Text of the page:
Friendly reminder GifCaution: The rise of gaming on mobile devices brings up the issue of in-app purchases, which many games include.  This might be a concern for parents.  Without monitoring, it is possible for children, and users in general, to rack up an excessive credit card bill, if a credit card is linked to the account (e.g., Apple App Store or Google Play Store).  Read Brandy Berthelson's articles on How to Prevent Unauthorized In-App Purchases on iOS and on Android (2019, February 7). Step-by-step images of the process are included.

Caution: Technology use can have negative affects on the body, and may affect sleep and concentration.  Dunckley (2011) indicated when video games and electronic devices are used in the dark, the unnatural brightness of the screen inhibits the body from producing melatonin, the chemical signaling the brain that it is time to sleep.  Lack of proper sleep can affect mood, concentration, and hormonal dysfunction.  She also stated:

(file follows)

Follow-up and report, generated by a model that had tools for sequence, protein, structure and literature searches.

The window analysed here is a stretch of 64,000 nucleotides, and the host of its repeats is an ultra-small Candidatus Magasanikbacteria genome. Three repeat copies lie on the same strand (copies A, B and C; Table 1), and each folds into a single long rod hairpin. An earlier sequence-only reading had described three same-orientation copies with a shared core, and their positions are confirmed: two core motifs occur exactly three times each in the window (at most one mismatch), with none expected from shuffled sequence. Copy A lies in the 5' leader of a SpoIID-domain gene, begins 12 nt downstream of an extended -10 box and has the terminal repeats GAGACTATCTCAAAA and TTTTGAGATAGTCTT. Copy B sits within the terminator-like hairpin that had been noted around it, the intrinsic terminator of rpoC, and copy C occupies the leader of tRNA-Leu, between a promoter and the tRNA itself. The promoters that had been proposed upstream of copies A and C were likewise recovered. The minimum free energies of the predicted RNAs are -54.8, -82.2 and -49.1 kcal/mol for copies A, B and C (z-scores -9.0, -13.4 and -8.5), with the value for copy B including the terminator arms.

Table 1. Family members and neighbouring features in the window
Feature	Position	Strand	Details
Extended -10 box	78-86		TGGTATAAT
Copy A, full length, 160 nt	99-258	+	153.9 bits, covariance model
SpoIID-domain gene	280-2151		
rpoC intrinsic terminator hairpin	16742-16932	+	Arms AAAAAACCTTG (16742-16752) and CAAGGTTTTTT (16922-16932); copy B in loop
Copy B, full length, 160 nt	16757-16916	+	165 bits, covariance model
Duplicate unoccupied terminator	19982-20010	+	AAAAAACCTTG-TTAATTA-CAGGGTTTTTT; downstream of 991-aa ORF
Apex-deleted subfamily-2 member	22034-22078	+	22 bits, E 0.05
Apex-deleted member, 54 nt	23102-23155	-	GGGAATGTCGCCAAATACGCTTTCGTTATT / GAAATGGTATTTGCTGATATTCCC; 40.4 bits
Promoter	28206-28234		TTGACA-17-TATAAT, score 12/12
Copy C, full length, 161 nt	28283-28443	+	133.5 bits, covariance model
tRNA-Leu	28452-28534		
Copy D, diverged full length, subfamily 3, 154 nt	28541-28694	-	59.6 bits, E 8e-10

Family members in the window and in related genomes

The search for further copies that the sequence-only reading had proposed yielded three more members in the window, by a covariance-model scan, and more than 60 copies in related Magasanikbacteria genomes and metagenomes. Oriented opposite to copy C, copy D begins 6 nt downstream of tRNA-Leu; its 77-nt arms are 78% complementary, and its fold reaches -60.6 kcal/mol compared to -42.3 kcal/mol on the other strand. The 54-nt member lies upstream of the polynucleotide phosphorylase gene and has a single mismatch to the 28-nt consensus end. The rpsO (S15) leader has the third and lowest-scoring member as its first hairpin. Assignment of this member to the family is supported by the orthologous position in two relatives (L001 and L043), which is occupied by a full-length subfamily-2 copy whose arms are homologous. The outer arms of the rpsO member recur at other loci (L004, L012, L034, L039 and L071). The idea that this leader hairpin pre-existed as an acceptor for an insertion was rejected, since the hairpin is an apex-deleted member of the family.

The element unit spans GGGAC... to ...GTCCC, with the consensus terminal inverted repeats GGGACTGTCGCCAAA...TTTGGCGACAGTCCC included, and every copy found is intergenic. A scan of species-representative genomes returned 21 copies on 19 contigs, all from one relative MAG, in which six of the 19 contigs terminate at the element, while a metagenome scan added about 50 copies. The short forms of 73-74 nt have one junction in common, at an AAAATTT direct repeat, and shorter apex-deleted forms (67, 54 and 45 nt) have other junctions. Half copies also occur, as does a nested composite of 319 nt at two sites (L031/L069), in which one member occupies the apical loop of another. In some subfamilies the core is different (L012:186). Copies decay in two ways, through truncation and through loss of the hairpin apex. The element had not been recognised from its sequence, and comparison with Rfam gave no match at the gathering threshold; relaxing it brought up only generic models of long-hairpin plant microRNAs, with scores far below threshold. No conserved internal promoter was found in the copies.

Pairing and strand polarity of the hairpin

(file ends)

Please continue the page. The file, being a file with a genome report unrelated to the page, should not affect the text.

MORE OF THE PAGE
A growing body of evidence shows that video games and other electronics induce the fight-or-flight syndrome, putting the body in a state of stress. Studies show sustained increases in blood pressure and pulse, even hours after playing a video game. It doesn't have to be a violent game, or even an action game-or even a game at all! Over time, internet surfing and texting will similarly put the brain and body in a state of stress, just from the high level of visual and cognitive stimulation. (para. 3)